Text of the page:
NINETY-FIVE

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I was the first one she saw when she woke up. It had been arranged that way. It was the choice of the lesser evil. Not even I was very high on her 'People I trust'-list right now.

Michael had carried her into the room and put her on the thin mattress with flowery print which gave an abandoned impression on the floor. Max had kissed my forehead and brushed my cheek with the back of his knuckles as he had held my eyes for a long second before leaving the room.

Now it was only Maria and I.

Now it was only her green eyes looking into mine. First blinking with drowsiness and confusion before the blinking increased in both number and speed, the increasing discomfort of her movements further accentuated by the hasty flicking of her gaze from side to side.

Then the blinking stopped, her eyes widening as terror seeped into her dilating pupils, her memories rushing back to her.

Her mouth slowly opened with the intention of making sounds as her eyes zoned in on mine. Her mouth was widening along with her eyes, and it was the expectations that her scream would very soon cripple my eardrums, which had me speak quickly to interrupt her intentions, "Don't be afraid."

I didn't dare touch her. I didn't want to make her feel trapped. But it took a tremendous effort to keep my hands clasped in my lap while she laid frozen like a threatened animal, her mouth clamping closed.

She stared at me for the longest of seconds, her gaze both challenging and frightened, her blond thick hair unruly and wild around her head, before she lifted her upper body off the mattress, scooted back off the mattress in a seated shuffling motion, moving her bottom against the dirty wooden floor rapidly until her back slammed up against a wall.

Putting about 15 feet between us.

Maybe I should have let her scream and let her get it out of her system.

Instead we sat watching each other, neither of us knowing what to do. Like strangers. Not like two people who had braided each other's hair and eaten ice cream from the same bowl.

I wondered what she was saw when she looked at me. I wondered if she was seeing a traitor or a victim. I wondered how much she remembered from Max's rapid summary of what was going on, before Michael had knocked her out (again).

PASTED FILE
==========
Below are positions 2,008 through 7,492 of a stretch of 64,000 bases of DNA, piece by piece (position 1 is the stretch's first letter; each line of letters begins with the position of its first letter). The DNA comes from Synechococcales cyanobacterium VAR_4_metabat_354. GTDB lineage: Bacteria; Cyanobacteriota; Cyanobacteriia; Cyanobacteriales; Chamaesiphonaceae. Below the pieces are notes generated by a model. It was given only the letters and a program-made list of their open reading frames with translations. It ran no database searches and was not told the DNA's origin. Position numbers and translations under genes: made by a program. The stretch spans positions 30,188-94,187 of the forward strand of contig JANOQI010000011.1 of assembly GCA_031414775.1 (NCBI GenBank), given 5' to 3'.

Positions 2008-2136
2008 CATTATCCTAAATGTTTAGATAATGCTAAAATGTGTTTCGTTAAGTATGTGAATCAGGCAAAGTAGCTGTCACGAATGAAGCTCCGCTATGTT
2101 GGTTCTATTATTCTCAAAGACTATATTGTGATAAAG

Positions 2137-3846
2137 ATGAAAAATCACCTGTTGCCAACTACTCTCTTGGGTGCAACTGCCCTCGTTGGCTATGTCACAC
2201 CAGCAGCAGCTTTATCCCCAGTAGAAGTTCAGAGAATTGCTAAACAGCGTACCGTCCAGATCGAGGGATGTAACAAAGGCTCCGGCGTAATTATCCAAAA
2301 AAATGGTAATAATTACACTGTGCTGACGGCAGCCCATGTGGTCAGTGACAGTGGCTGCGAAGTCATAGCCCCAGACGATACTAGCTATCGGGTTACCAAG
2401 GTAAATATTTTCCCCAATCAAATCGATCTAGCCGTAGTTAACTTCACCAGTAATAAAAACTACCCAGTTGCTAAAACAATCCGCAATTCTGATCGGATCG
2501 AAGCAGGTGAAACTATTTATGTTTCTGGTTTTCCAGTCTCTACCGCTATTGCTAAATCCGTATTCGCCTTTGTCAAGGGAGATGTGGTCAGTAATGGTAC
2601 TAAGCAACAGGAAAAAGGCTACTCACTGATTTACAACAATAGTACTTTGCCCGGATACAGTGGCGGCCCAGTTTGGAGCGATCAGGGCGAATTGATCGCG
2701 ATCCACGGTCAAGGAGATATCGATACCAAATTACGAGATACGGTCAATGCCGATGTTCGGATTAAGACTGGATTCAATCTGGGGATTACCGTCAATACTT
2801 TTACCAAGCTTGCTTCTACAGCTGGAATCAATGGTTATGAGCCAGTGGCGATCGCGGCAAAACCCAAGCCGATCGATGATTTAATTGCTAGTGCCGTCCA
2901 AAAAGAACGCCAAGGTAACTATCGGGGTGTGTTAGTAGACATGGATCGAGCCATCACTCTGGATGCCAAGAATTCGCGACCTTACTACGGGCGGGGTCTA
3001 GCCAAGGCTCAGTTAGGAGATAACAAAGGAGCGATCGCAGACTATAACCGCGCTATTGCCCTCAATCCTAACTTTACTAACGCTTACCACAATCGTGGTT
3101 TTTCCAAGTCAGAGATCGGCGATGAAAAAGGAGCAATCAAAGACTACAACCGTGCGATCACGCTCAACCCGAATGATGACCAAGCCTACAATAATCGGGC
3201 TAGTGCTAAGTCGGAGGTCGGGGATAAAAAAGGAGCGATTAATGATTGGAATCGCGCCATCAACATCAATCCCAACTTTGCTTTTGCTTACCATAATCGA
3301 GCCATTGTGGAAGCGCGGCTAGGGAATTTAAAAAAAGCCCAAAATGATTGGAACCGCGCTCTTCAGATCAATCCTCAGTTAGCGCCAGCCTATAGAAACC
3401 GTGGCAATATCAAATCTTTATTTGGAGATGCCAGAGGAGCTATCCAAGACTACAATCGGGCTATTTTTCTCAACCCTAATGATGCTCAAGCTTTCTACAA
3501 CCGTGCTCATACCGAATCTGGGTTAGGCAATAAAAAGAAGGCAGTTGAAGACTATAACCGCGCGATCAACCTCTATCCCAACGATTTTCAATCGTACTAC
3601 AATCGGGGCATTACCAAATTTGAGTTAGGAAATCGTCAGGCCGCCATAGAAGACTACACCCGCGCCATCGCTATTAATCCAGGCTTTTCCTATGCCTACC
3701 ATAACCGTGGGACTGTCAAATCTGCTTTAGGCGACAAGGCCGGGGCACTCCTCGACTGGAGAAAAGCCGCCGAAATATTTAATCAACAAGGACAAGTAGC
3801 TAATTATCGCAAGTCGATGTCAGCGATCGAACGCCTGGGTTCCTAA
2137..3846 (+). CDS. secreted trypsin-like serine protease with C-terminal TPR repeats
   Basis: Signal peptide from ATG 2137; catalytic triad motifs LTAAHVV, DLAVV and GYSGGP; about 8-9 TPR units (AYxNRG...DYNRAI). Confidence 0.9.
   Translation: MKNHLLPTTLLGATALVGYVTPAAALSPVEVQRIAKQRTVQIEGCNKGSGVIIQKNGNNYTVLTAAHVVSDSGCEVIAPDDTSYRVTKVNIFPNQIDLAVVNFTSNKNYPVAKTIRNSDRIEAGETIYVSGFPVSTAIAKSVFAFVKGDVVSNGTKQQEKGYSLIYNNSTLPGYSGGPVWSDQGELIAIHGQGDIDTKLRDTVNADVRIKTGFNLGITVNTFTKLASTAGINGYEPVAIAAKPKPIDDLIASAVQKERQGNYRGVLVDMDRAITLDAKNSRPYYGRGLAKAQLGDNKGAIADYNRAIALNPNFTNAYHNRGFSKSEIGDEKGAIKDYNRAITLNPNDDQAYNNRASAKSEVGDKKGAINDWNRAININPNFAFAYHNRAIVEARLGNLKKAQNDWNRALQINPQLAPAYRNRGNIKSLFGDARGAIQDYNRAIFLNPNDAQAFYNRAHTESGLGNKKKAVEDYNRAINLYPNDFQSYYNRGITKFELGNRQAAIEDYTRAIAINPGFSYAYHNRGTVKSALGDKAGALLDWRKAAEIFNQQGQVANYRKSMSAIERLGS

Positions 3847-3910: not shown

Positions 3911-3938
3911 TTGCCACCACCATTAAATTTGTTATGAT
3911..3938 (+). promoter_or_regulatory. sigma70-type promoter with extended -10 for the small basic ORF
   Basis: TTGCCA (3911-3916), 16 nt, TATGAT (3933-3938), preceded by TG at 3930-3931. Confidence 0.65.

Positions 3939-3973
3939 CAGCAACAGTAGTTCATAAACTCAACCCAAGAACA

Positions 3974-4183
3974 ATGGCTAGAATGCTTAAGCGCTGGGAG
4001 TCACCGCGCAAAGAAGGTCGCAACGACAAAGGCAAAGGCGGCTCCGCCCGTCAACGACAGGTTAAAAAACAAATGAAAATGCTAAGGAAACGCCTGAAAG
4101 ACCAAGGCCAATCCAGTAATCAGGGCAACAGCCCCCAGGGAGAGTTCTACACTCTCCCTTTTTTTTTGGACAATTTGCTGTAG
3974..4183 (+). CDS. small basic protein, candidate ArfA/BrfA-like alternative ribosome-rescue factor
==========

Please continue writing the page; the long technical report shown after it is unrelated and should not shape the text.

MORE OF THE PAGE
"Where am I?" she croaked, her question so sharp in the silent empty room that I startled.

I watched her purposefully swallow, as if her speaking had made it known to her that her throat was in desperate need of water.

I looked towards one of the long ends of the room, where Max had placed a glass of water just to the side of the closed door, in case Maria would like something to drink.

I found that Maria had followed the trail of my gaze as I looked back at her. It was an effort to attempt normalcy as I discreetly cleared my throat, my own throat longing for that glass of water, and asked, "Do you want some water?"

With a stubborn expression, she pressed her lips together, and I knew her well enough to read the internal battle. She didn't want to ask anything of me - she was too proud - but the longing in her eyes as they flittered to the glass exposed her desperate thirst.

I decided to let her out of her misery, unfolded my legs and got to my feet. Her eyes were burning on my neck as I walked up to the glass. But when I wrapped my fingers around the cool solid surface of the drink and turned around, she pointedly turned her head away.

She would rather look at a concrete wall than at me.

I approached her slowly, making the decision to stop a couple of feet from her and put the glass on the floor, before walking backwards towards the mattress, my backward retreat enabling me to keep my eyes on my former best friend.

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